from the Executive Bureau of the Fourth International
September 21, 2017
On 20 September 2017, the Civil Guard and the Spanish National Police arrested 14 senior officials of the Generalitat (the Catalan government) and carried out 40 searches of public buildings and private homes. A police operation then seized propaganda material of the CUP (Candidatura de Unidad Popular, the main party of the pro-independence left) and, without any legal authorisation, surrounded its headquarters for the whole day, for no reason other than provocation. Following the prosecution of more than 700 Catalan mayors who support the referendum on October 1st and after repeated complaints against the Bureau of the Catalan Parliament, these actions represent a qualitative leap in the escalation of repression by the Spanish state institutions against the referendum on self-determination.
Escalating repression and intervention of the Generalitat
Spanish police raid government offices in Barcelona. Image by Susana Vera/REUTERS.
Further to this the Spanish Ministry of Finance’s decision to take administrative control of the Generalitat’s accounts de facto amounts to the cancellation of autonomy, after long years of control of public finances by the Generalitat. This under the pretext of ensuring the implementation of austerity policies, although in practice the Madrid government has been seeking to progressively drown autonomy. In addition, Minister Montoro’s measure puts many budget items at risk (starting with the basic insertion income recently approved by the Parliament, aimed at alleviating extreme poverty and social exclusion) and generates uncertainty among civil servants and public employees about their next pay packets.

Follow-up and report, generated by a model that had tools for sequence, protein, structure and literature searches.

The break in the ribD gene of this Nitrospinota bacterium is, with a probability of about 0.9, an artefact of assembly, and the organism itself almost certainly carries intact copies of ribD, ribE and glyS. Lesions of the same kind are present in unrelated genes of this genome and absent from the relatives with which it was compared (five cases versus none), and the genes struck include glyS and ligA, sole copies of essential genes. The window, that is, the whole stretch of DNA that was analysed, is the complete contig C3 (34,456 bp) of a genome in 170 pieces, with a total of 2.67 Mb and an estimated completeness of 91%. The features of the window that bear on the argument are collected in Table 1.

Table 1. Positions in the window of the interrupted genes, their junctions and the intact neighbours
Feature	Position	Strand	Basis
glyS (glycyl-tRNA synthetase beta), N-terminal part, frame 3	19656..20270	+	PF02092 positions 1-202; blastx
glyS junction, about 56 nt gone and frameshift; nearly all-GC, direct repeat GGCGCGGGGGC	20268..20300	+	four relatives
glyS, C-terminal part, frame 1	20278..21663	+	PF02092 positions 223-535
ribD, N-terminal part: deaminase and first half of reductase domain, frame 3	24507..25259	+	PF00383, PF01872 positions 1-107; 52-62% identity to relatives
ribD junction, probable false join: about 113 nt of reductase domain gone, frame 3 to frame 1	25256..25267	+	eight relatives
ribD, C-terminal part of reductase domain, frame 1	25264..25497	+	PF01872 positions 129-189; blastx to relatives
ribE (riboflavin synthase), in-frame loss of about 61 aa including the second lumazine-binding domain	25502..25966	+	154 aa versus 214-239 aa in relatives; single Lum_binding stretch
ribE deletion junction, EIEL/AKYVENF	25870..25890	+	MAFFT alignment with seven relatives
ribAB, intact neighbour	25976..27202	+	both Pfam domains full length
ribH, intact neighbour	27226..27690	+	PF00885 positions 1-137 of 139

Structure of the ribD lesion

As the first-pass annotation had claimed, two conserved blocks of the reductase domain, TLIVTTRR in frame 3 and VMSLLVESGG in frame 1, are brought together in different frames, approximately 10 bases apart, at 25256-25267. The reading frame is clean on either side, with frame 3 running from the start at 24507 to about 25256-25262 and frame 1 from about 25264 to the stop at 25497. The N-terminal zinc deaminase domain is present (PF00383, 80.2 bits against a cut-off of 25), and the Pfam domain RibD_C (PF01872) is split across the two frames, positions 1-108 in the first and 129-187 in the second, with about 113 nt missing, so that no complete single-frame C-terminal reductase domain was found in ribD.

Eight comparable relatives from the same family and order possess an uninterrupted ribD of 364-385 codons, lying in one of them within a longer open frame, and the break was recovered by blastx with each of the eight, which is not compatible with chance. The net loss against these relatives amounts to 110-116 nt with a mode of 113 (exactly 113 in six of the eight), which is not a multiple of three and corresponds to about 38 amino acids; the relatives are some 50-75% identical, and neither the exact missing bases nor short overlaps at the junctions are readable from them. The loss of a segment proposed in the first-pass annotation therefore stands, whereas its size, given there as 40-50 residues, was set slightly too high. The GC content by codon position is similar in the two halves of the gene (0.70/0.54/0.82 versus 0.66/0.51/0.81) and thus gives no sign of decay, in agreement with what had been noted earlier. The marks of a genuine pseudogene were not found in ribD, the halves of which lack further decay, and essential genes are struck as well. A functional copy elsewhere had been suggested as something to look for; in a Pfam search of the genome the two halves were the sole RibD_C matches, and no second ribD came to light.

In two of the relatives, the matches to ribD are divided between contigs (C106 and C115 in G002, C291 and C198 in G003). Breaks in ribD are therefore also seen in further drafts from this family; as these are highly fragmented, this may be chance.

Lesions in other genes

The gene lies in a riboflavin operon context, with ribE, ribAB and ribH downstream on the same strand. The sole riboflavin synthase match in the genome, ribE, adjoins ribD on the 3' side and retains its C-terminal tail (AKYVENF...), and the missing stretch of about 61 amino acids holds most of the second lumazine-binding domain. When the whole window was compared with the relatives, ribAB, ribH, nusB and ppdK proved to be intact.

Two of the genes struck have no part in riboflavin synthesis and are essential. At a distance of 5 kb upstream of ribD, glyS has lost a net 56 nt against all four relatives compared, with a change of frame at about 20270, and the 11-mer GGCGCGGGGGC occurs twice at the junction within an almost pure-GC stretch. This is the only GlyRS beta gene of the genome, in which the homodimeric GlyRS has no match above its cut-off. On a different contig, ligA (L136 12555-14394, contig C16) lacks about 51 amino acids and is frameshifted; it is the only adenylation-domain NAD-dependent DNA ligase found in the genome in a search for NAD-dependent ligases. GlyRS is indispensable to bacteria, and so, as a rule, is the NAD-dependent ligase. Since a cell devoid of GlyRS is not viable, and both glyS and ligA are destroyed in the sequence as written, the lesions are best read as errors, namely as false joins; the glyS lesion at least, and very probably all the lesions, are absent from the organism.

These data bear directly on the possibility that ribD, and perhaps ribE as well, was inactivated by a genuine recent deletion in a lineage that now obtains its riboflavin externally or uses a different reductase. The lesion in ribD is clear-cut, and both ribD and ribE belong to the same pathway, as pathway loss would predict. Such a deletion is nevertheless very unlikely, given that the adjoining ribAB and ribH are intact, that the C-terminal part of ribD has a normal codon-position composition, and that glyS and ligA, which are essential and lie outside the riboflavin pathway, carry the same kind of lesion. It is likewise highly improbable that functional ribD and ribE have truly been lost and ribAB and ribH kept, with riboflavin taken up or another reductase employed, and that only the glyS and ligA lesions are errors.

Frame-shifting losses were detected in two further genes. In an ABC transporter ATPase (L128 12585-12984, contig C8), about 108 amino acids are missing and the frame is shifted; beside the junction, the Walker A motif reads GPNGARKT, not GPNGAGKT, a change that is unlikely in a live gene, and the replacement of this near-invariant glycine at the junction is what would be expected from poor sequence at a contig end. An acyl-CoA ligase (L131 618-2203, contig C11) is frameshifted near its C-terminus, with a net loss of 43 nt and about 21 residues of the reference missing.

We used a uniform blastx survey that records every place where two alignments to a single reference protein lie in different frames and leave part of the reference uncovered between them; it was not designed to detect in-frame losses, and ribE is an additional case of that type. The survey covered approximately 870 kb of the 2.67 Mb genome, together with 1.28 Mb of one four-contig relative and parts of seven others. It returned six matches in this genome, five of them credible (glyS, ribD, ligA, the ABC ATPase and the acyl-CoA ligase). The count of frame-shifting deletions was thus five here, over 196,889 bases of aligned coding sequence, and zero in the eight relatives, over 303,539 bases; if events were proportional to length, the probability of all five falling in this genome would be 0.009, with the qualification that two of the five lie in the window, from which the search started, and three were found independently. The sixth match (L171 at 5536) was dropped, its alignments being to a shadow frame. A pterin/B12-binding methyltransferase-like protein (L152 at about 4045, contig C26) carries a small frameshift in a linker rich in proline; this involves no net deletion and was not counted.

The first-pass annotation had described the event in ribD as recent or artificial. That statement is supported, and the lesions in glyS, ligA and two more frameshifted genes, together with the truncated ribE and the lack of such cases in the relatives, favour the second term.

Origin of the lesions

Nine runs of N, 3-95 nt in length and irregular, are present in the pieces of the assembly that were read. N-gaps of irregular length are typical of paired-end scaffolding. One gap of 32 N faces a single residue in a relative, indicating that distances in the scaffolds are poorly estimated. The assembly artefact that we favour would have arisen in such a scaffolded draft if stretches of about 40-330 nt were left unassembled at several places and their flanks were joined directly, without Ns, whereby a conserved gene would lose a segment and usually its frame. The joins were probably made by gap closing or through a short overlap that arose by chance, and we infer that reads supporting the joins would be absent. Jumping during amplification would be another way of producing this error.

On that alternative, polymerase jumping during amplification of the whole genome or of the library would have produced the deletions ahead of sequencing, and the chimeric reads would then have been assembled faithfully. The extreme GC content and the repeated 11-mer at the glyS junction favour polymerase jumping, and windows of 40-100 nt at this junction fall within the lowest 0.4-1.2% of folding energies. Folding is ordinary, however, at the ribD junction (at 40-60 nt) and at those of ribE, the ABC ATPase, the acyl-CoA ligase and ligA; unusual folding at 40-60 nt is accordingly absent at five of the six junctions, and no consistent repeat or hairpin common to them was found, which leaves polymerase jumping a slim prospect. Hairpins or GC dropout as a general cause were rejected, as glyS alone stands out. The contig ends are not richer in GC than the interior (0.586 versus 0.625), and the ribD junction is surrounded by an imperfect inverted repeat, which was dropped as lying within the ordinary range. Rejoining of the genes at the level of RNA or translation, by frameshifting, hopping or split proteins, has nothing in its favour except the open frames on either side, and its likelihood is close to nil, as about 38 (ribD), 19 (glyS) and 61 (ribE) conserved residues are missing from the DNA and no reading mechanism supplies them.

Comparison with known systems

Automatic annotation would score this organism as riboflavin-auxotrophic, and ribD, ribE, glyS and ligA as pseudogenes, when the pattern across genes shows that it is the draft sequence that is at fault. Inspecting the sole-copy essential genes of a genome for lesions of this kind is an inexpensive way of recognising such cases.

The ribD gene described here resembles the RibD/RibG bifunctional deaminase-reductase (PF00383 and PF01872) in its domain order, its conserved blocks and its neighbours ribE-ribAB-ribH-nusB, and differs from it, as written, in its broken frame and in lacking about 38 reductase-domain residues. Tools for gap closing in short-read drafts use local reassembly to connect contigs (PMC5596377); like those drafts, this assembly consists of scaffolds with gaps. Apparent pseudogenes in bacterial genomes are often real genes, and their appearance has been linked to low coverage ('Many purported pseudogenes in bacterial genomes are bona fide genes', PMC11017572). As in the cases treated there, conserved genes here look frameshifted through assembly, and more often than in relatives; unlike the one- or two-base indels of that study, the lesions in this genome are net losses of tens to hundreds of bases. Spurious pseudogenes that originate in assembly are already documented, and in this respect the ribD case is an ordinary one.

A clash of legitimacies in Catalonia
Since 6 and 7 September – with the approval of the Referendum Law and the so-called “Disengagement Act” by the Catalan Parliamen – there has been a situation of dual legitimacy in which there are two legal systems that do not mutually recognize each other. The first of these laws is intended to convene the referendum and the second constitutes a kind of “provisional constitution” between a hypothetical Yes victory and a Constituent Assembly. Both laws have been annulled by the Spanish Constitutional Court, but they remain in force from the point of view of the government of the Generalitat and a majority of the Catalan population, who believe that the Constitutional Court has no legitimacy to annul them. This situation contains in embryo a political revolution in a part of the Spanish state and an unprecedented crisis of the post-Francoist monarchy and constitution of 1978. The coming hours and days will be decisive for the outcome.
Supporting the 1 October self-determination referendum and the mobilizations against repression and civil rights
The situation is very tense and the events of 20 September announce an escalation of actions-reactions that points to a situation going beyond the established framework. For the moment, the repressive apparatus has not been fragmented (the Mossos d’Esquadra, the Catalan police, have not dared to disobey the orders of the Spanish courts, but try to adopt a low profile that prevents them from being tried for disobedience), but it is hard to know what will happen if there is open and massive repression against a population that is mobilizing peacefully.